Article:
Johnson won re-election with 66.3% of the vote against Democrat John Lingenfelder (31.3%) and Libertarian Christopher Claytor (2.4%).[14]


In the House, Johnson is an ardent conservative. By some views, Johnson had the most conservative record in the House for three consecutive years, opposing pork barrel projects of all kinds, voting for more IRAs and against extending unemployment benefits. The conservative watchdog group Citizens Against Government Waste has consistently rated him as being friendly to taxpayers. Johnson is a signer of Americans for Tax Reform’s Taxpayer Protection Pledge.[15]

Johnson is a member of the conservative Republican Study Committee, and joined Dan Burton, Ernest Istook and John Doolittle in refounding it in 1994 after Newt Gingrich pulled its funding. He alternated as chairman with the other three co-founders from 1994 to 1999, and served as sole chairman from 2000 to 2001.

On the Ways and Means Committee, he was an early advocate and, then, sponsor of the successful repeal in 2000 of the earnings limit for Social Security recipients. He proposed the Good Samaritan Tax Act to permit corporations to take a tax deduction for charitable giving of food. He chairs the Subcommittee on Employer-Employee Relations, where he has encouraged small business owners to expand their pension and [16] benefits for employees.

Johnson is a skeptic of calls for increased government regulation related to global warming whenever such government interference would, in his mind, restrict personal liberties or damage economic growth and American competitiveness in the market place. He also opposes calls for government intervention in the name of energy reform if such reform would hamper the market and or place undue burdens on individuals seeking to earn decent wages. He has expressed his belief that the Earth has untapped sources of fuel, and has called for allowing additional drilling for oil in Alaska.

As of March 2013, Johnson is one of two Vietnam-era POWs still serving in Congress, along with John McCain.[17]

Committee assignments

  • Committee on Ways and Means
    • Subcommittee on Health
    • Subcommittee on Social Security (Chairman)
  • Joint Committee on Taxation

Caucus memberships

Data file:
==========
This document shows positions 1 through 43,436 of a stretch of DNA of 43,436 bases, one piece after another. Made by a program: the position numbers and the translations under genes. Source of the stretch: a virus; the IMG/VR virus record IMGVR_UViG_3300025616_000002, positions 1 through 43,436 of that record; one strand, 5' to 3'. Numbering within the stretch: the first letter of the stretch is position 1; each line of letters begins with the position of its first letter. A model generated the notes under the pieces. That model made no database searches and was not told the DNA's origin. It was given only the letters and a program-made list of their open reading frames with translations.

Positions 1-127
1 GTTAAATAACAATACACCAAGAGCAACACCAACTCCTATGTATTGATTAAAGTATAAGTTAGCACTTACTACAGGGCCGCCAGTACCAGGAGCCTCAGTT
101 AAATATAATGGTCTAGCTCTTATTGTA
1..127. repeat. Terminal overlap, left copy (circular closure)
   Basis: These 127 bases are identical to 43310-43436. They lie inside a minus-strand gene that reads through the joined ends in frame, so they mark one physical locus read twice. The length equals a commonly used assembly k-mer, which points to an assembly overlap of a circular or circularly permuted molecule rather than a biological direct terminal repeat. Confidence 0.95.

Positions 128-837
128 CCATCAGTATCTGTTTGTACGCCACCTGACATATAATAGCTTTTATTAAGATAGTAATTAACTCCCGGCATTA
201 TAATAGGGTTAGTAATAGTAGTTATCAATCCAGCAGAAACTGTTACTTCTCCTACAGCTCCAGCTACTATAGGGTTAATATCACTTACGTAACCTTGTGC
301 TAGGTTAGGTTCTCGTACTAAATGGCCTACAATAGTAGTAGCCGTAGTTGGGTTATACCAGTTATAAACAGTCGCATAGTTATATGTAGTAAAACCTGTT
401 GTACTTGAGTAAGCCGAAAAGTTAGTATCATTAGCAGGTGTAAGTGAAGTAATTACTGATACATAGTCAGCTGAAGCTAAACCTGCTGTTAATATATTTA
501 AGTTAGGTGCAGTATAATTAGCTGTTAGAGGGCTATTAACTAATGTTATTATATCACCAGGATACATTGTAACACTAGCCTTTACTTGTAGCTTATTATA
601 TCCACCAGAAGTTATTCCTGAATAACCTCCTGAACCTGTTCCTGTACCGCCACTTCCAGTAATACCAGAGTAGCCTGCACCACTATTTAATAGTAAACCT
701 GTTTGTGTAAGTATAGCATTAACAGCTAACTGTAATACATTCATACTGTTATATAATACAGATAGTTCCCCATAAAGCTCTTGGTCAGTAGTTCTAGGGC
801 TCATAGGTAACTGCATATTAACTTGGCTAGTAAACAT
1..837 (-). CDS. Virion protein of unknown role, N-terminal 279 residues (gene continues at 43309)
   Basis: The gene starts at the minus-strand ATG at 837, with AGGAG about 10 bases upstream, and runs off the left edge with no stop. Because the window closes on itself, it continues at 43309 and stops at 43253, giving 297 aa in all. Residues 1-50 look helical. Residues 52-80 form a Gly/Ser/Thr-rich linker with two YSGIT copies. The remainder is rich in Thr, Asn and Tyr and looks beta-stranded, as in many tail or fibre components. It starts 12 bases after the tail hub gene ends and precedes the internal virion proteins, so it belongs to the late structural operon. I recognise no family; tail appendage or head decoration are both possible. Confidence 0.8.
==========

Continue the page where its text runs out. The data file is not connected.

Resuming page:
• Immigration Reform Caucus
  • International Conservation Caucus
  • Public Pension Reform Caucus
  • Sportsmen's Caucus

Personal life

Johnson is married to the former Shirley L. Melton, of Dallas. They are parents of three children and ten grandchildren.


See also


  1. U.S. Congress.Biographical Directory of the United States Congress: Sam Johnson
  2. Rotunda Yearbook. Dallas, Texas: Southern Methodist University. 1951. p. 284. 
  3. "U.S. Congressman Sam Johnson : Serving the 3rd District of Texas". Retrieved 2010-08-29. 
  4. Adams, Lorraine. "Perot's Interim Partner Spent 712 Years As Pow", Dallas Morning News, March 11, 1992. Accessed July 2, 2008. "He was one of the Alcatraz Gang - a group of 11 prisoners of war who were separated because they were leaders of the prisoners' resistance."
  5. Rochester, Stuart; and Kiley, Frederick. "Honor Bound: American Prisoners of War in Southeast Asia, 1961–1973", 2007, Naval Institute Press, ISBN 1-59114-738-7, via Google Books, p. 326. Retrieved July 8, 2008.
  6. Stockdale, James B. "George Coker for Beach Schools", letter to the The Virginian-Pilot, March 26, 1996.
  7. Johnston, Laurie (December 18, 1974). "Notes on People, Mao Meets Mobutu in China". The New York Times. Retrieved May 3, 2010.  Dec 18, 1974
  8. Kimberlin, Joanne (2008-11-11). "Our POWs: Locked up for 6 years, he unlocked a spirit inside". The Virginian Pilot. Landmark Communications. pp. 12–13. Retrieved 2008-11-11. 
  9. "Congressional Medal of Honor Society selects Sam Johnson for its National Patriot Award | News for Dallas, Texas | Dallas Morning News | Texas Politics | The Dallas Morning News". 2009-10-03. Retrieved 2010-08-29. 
  10. Congressional Quarterly's Guide to U.S. Elections 6th ed., Washington, D.C., 2010, p. 1341
  11. 11.0 11.1
  12. "News for Dallas, Texas | Dallas Morning News | Dallas-Fort Worth Politics | The Dallas Morning News". 2006-03-08. Retrieved 2010-08-29. 
  14. "Texas Election Results 2010". New York Times. 2010. Retrieved 2011-03-15. 
  15. "The Taxpayer Protection Pledge Signers 112th Congressional List". Americans for Tax Reform. Retrieved November 30, 2011. 
  16. "Bill Summary & Status - 109th Congress (2005–2006) - H.R.525 - THOMAS (Library of Congress)". 2005-07-27. Retrieved 2010-08-29. 
  17. Catalina Camia (14 March 2013). "McCain marks 40th anniversary of POW release". Retrieved 15 March 2013. 

External links

United States House of Representatives
Preceded by
Steve Bartlett
Member of the U.S. House of Representatives
from Texas's 3rd congressional district

Succeeded by
Party political offices
Preceded by
Dan Burton
(sole chairman)
Chairman of the Republican Study Committee
(alternating with Dan Burton, John Doolittle and Ernest Istook)
Succeeded by
David McIntosh
Preceded by
David McIntosh
Chairman of the Republican Study Committee
Succeeded by
John Shadegg
United States order of precedence (ceremonial)
Preceded by
Maxine Waters
United States Representatives by seniority
Succeeded by
Ed Pastor